Russia releases images of captured Chernobyl plant | Inquirer News

Russia releases images of captured Chernobyl plant

/ 02:27 PM February 27, 2022
Russia chernobyl

In this file photo taken on February 04, 2022 Servicemen take part in a joint tactical and special exercises of the Ukrainian Ministry of Internal Affairs, the Ukrainian National Guard and Ministry Emergency in a ghost city of Pripyat, near Chernobyl Nuclear Power Plant. AFP

MOSCOW — The Russian military on Saturday released images of the Chernobyl nuclear plant in Ukraine that it seized after President Vladimir Putin launched an invasion of the country this week.

Russian troops took control of the area — one of the most radioactive places on earth — on the first day of their offensive into Ukraine.


Images released by Moscow’s defense ministry showed Russian soldiers patrolling the plant, which is encased in a giant sarcophagus, with snipers dressed in black uniforms and a tank parked on the territory.

A masked soldier said radiation levels were “under control”.


The soldier claimed the Russians were protecting the area “with the Ukrainian National Guard”, but Ukrainian authorities have said staff had been evacuated as Moscow’s forces took control.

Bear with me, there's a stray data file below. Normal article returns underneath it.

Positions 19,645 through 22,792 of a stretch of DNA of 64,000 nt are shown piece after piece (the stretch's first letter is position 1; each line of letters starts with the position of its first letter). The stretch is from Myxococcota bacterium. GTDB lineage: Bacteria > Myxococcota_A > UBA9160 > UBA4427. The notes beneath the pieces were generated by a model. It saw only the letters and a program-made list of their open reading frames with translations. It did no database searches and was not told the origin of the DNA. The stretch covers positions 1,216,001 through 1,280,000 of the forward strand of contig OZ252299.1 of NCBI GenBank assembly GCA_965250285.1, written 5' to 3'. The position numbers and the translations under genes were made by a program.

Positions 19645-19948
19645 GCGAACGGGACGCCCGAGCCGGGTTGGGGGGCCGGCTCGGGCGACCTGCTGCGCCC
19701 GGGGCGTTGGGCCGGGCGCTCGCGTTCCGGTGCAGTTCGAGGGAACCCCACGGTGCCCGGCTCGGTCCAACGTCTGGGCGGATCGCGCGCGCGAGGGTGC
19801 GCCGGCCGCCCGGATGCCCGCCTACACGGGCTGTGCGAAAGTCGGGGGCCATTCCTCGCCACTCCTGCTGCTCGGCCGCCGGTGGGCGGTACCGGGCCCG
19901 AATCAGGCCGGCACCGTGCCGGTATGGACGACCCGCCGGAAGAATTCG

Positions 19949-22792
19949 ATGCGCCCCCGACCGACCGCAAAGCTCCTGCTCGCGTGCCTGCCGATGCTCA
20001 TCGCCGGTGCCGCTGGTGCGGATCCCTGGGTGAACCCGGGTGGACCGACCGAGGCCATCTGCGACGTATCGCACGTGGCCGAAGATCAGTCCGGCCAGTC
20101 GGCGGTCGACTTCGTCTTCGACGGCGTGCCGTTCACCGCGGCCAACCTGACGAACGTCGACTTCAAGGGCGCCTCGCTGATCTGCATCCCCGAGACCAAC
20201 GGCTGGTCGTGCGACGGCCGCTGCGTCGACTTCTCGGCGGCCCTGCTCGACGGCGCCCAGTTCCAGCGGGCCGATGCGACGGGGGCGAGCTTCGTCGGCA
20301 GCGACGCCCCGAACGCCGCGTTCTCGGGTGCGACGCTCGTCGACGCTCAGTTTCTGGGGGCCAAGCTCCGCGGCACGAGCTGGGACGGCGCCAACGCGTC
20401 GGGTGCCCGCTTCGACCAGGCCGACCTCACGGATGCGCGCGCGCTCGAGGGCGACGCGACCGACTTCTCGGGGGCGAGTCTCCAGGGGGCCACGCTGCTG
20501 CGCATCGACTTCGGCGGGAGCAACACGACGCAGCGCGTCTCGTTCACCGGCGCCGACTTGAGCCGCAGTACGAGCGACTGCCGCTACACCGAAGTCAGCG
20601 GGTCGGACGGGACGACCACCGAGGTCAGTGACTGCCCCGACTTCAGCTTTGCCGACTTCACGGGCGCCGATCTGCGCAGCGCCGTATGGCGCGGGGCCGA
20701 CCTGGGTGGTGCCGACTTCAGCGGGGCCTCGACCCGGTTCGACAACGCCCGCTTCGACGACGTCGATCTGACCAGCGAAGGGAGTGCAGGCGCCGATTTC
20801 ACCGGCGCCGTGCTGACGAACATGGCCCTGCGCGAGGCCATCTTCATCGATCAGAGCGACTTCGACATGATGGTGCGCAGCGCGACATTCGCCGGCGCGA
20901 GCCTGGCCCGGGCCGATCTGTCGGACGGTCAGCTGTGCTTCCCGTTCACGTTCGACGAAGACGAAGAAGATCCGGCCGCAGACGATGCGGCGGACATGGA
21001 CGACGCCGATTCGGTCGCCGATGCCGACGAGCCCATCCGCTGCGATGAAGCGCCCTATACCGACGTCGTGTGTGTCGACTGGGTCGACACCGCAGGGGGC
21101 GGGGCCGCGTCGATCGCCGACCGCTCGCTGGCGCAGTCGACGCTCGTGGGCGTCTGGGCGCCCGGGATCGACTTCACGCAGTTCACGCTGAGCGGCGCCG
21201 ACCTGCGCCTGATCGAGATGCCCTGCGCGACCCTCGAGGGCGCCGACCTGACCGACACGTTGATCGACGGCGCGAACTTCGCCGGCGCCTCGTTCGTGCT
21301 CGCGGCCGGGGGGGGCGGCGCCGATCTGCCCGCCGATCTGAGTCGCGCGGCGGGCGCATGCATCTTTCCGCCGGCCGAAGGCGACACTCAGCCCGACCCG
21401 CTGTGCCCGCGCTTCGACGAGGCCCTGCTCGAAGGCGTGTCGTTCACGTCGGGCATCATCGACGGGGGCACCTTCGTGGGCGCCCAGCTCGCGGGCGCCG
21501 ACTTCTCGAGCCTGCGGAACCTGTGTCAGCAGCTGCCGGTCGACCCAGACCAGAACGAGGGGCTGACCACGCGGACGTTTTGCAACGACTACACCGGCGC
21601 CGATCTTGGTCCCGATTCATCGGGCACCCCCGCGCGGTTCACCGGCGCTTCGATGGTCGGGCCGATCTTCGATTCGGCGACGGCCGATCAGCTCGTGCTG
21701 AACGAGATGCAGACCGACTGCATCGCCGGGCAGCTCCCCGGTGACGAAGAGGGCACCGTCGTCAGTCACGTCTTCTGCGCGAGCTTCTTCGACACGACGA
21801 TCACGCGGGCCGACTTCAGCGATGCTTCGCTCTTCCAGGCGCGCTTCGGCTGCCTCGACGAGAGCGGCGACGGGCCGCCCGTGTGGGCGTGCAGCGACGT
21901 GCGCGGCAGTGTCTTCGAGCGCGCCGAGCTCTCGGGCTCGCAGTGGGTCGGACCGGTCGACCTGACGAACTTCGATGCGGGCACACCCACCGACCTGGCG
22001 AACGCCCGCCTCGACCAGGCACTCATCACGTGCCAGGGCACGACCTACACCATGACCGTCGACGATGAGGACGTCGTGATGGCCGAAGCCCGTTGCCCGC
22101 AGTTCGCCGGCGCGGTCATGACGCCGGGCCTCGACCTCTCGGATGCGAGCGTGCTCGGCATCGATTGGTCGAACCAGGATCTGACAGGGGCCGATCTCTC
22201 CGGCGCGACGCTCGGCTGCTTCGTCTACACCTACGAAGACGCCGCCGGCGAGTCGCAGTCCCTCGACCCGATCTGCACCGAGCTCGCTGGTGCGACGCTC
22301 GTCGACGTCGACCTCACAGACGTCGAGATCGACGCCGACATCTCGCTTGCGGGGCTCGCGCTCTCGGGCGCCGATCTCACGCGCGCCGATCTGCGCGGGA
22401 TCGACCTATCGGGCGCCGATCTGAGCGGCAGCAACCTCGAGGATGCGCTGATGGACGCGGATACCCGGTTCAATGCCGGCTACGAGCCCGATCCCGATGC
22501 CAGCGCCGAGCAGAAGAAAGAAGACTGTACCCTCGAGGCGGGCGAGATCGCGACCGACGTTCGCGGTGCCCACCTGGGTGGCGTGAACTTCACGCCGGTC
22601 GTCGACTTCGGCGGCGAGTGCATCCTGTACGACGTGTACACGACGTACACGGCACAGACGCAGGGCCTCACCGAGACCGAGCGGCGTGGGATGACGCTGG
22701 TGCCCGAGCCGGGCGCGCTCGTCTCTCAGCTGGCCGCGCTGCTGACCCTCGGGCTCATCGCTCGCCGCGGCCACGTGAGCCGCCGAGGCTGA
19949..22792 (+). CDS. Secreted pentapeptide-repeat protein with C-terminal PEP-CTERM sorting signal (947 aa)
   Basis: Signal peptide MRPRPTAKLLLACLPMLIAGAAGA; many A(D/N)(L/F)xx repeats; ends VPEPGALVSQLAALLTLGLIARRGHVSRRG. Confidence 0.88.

Ukraine on Friday said the radiation levels had increased since Chernobyl — which lies on the path of the Russian advance from Belarus to the capital Kyiv — was seized by Moscow’s troops.

Ukrainian authorities said they had informed the UN’s International Atomic Energy Agency (IAEA) that they had lost control of highly radioactive fuel rods from the power plant.

The UN’s nuclear watchdog said the radiation levels “posed no danger” and that Ukrainian regulators suspected the uptick could have been caused by heavy military vehicles stirring up contaminated soil.

The explosion in the fourth reactor at the nuclear power plant in April 1986 left swathes of Ukraine and neighbouring Belarus badly contaminated and led to the creation of an exclusion zone roughly the size of Luxembourg.

The release of the footage Saturday appeared part of the Kremlin’s major propaganda campaign at home downplaying the ferocity of the bloody attack on Ukraine.

Authorities have simultaneously cracked down on protesters taking to the streets to protest the war, arresting over 2,000 demonstrators.



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